With Maine staying in GOP hands, Democrats will hold at least 47 seats and Republicans will hold 48 seats.

Democrats are facing an increasingly narrow path to winning back the chamber.

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Aside from Maine, four other races remain uncalled and a fifth — the Georgia special election for the seat currently held by GOP Sen. Kelly LoefflerKelly LoefflerHarris's bad polls trigger Democratic worries Schumer, Tim Scott lead as Senate fundraising pace heats up Trump says Herschel Walker will enter Georgia Senate race MORE — is going to a Jan. 5 runoff.

Three of the-yet-to-be-decided races are held by Republicans: Alaska, Georgia where Sen. David Perdue (R) is also up, and North Carolina. The fourth seat, Michigan, is held by Democratic Sen. Gary PetersGary PetersBiden pays tribute to late Sen. Levin: 'Embodied the best of who we are' Former longtime Sen. Carl Levin dies at 87 GOP, Democrats battle over masks in House, Senate MORE.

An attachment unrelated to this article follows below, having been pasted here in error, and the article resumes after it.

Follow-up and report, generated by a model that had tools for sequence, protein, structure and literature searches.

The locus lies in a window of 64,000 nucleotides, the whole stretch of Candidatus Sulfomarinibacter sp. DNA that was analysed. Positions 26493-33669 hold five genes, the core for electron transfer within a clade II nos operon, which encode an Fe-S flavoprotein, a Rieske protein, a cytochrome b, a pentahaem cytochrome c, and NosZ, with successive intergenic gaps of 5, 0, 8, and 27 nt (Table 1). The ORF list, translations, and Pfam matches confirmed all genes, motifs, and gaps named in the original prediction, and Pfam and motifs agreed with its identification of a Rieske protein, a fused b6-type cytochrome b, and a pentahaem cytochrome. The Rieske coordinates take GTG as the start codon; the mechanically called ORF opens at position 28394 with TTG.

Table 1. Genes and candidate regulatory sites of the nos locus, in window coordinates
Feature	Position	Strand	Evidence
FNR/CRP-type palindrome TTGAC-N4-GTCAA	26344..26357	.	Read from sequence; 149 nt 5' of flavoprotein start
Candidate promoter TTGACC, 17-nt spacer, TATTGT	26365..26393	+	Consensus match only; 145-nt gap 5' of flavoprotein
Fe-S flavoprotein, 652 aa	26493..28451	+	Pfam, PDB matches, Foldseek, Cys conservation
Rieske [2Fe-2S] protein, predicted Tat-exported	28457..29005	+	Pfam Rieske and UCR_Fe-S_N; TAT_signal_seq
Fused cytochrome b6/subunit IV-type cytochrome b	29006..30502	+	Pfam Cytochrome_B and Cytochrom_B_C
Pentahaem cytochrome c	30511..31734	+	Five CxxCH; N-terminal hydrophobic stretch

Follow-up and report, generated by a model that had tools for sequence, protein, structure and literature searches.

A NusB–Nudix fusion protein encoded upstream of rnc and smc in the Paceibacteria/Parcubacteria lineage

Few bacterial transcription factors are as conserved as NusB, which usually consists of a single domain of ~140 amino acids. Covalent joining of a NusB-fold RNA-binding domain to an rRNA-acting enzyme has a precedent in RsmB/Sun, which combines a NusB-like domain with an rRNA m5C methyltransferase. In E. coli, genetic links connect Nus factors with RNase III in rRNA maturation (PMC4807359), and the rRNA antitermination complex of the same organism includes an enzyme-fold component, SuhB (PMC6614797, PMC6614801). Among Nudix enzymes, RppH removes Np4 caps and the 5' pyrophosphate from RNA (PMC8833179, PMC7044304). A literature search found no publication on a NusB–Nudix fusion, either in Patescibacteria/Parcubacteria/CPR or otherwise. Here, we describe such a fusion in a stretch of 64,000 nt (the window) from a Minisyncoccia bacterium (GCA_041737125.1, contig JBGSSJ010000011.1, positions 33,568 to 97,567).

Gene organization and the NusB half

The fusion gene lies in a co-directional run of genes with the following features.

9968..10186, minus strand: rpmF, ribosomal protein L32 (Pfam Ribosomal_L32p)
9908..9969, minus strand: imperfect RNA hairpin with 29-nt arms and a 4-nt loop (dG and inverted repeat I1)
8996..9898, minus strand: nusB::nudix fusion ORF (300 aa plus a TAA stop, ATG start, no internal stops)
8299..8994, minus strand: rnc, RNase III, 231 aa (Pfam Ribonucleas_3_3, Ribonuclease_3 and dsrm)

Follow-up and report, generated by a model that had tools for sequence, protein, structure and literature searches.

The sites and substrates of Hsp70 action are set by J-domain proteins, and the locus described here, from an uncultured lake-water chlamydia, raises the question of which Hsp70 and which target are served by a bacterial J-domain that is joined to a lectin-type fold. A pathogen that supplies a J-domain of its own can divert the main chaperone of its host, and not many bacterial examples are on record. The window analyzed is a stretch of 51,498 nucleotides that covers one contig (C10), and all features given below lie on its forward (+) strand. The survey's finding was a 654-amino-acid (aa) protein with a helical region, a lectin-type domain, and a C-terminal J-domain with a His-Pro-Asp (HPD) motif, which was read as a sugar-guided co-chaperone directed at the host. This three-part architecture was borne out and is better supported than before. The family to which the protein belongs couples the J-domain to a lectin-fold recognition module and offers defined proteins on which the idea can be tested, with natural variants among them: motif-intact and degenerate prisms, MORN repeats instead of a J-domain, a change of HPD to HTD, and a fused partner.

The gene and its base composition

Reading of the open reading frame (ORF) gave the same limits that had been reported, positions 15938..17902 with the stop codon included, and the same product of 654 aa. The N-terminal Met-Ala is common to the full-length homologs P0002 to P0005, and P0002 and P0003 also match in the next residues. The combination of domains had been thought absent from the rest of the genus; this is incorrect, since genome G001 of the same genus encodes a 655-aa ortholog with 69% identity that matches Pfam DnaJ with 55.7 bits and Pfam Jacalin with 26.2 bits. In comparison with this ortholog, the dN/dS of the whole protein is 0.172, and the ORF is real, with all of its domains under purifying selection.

Republicans are feeling bullish about chances of winning North Carolina, where Sen. Thom TillisThomas (Thom) Roland TillisBiden's bipartisan deal faces Senate gauntlet The Hill's 12:30 Report - Presented by Facebook - US gymnast wins all-around gold as Simone Biles cheers from the stands GOP senator credits Sinema for infrastructure deal MORE (R-N.C.) has led in the polls since Tuesday night. GOP Sen. Dan SullivanDaniel Scott SullivanSenate confirms Biden pick for No. 2 role at Interior Concerns grow over China's Taiwan plans China conducts amphibious landing drill near Taiwan after senators' visit MORE also appears to be cruising to reelection in Alaska.

If Republicans win North Carolina and Alaska, and Peters hold onto Michigan, Democrats would still have to win both Georgia races just to get to a 50-50 tie.

Updated: 2 p.m.